Tax Reform and the Estate Tax
President Trump and Republican lawmakers recently unveiled a blueprint for tax reform. Here’s a link to a story about this in U.S. News.
The blueprint calls for many things, including a reduction in and compression of income tax rates, a doubling of the standard deduction for income taxes, an elimination of most tax deductions other than the mortgage interest and charitable deductions. The blueprint also calls for the elimination of the alternative minimum tax (AMT), the estate tax, and the generation-skipping tax (GST). The blueprint calls for a dramatic reduction in the top corporate tax rates and a large reduction in the tax rate for pass-through entities (such as partnerships). Here’s a link to a deeper look at the proposal in the Atlantic.
There are many things which remain unclear, but here are a few of the uncertainties:
- If the estate tax and GST tax are repealed, will the gift tax remain? The gift tax is viewed as a backstop to the income tax and is a disincentive preventing people from dodging the income tax by gifting property to others in a different income tax situation.
- If the estate tax and GST tax are repealed, would the “step-up” in basis of Section 1014 of the Internal Revenue Code remain? The provision sets the income tax basis of property at the value determined for estate tax purposes. If there is no estate tax, it’s unclear what would happen with the step-up in basis. Other countries don’t have such a step-up in basis.
- Would the legislation have a sunset provision, like the Bush-era tax cuts? Due to the “Bryd rule,” legislation can be blocked if it will increase the deficit beyond a 10-year time horizon. Essentially, this means that 60 votes are required in the Senate to pass permanent legislation which would increase the deficit, even if using the reconciliation process.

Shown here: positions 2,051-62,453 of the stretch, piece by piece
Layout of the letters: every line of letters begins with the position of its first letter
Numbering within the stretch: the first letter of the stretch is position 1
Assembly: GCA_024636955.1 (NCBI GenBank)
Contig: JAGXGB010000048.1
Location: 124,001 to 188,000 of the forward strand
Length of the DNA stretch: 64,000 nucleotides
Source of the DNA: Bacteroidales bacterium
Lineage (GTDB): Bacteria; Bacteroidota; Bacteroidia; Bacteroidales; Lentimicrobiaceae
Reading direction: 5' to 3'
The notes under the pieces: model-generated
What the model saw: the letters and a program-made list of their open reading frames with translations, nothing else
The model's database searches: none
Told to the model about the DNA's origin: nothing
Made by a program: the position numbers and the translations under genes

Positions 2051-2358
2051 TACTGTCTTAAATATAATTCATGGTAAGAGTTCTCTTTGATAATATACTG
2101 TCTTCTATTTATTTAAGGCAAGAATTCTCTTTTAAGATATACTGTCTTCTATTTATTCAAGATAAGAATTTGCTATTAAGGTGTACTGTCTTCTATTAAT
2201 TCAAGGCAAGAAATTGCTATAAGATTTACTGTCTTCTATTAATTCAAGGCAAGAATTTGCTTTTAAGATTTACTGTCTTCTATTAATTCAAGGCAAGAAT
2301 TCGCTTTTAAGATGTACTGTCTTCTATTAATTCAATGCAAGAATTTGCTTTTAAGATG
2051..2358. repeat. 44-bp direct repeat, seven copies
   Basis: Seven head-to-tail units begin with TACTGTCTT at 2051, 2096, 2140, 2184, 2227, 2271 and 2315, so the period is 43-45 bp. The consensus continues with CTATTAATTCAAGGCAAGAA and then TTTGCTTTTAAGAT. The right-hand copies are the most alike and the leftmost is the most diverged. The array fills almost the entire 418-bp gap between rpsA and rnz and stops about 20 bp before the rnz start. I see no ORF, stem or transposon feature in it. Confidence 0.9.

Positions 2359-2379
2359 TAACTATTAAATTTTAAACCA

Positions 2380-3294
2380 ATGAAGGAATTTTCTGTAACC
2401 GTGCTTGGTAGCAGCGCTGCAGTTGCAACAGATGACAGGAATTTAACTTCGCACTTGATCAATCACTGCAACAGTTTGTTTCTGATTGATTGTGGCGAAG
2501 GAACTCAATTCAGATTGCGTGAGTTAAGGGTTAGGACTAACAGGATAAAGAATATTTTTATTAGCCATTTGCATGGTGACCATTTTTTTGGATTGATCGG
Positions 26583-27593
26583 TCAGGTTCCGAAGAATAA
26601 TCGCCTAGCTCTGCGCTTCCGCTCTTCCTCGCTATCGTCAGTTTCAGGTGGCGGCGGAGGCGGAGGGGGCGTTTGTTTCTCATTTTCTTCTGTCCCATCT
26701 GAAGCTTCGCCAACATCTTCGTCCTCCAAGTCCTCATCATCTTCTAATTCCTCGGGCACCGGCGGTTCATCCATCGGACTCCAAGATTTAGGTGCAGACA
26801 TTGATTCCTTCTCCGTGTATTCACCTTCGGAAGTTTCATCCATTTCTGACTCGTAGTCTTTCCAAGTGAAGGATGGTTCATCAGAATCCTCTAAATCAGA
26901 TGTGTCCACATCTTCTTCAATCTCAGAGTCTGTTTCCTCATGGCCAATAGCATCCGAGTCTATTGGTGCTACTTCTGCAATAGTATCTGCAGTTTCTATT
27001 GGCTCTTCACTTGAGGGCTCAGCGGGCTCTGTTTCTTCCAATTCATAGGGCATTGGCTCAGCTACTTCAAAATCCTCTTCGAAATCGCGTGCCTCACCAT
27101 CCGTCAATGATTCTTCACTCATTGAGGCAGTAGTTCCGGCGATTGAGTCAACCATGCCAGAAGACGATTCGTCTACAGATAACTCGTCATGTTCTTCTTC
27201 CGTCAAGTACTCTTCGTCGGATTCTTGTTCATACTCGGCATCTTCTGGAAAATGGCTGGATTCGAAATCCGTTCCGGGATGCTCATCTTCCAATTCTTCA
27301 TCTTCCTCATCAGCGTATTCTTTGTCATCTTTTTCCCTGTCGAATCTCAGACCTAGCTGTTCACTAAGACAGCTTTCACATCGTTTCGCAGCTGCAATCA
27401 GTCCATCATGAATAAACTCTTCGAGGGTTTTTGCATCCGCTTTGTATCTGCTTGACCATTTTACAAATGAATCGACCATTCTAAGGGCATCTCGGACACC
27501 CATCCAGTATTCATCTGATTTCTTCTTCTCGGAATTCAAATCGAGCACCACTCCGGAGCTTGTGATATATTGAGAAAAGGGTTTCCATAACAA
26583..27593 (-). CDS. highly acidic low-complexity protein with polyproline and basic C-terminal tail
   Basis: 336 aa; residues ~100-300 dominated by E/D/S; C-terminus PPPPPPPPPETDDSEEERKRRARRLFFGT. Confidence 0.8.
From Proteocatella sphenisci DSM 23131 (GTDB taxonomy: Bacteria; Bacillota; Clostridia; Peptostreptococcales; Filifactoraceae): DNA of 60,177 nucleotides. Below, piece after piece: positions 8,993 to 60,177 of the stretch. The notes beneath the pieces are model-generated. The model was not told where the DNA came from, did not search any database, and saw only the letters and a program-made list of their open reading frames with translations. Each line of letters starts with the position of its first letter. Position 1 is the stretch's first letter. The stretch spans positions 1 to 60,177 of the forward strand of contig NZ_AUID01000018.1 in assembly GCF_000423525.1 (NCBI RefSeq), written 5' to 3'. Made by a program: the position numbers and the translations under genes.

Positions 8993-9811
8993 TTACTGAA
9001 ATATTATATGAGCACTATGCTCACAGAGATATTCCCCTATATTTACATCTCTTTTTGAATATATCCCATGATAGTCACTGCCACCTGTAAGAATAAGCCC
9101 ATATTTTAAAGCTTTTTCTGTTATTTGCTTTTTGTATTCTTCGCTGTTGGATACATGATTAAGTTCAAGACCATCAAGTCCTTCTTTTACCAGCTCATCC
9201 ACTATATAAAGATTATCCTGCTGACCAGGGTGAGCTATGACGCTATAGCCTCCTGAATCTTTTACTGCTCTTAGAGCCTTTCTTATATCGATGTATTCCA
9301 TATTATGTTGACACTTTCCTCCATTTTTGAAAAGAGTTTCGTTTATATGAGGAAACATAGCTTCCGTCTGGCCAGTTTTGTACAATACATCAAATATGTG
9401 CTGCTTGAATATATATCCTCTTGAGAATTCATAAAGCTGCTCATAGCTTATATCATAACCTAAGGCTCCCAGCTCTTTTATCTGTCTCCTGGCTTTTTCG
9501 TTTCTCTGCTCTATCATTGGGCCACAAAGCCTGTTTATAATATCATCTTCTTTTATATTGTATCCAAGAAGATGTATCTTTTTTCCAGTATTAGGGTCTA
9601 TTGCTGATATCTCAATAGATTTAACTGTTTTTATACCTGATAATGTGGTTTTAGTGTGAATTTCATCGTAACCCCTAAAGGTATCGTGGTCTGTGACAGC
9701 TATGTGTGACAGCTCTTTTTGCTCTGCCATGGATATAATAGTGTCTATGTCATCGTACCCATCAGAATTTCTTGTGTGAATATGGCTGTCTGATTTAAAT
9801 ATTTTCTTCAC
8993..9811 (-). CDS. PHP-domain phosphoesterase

- How will this tax cut be paid for? According to the Center for Budget and Policy Priorities, the plan would result in more than a $1.5 trillion cut in federal taxes over the next ten years. The current budget deficit for 2018 is $440 billion. This tax cut is expected to balloon the annual budget deficit by more than 1/3. Given that many in Congress have been deficit hawks, especially Republicans, this large increase in the deficit may be problematic for passage.
- Another hurdle for passage is on the income tax side. The proposal would eliminate the deduction for state and local income taxes. This would be extremely unpopular in many Congressional districts. Nearly half of the districts which reported the highest percentage of returns with deductions for state and local income taxes have Republican representatives. Here’s an article in Forbes examining this issue.
- Tax reform is very difficult. The last time this sort of comprehensive tax reform succeeded was in 1986, when Republican President Ronald Reagan worked with Democrats, including Speaker “Tip” O’Neill, to arrive at a deal. There’s an old proverb which is apropos: “there’s many a slip between the cup and the lip.” In the next blog, we’ll look at how potential changes to the estate and GST tax might impact typical families and others.
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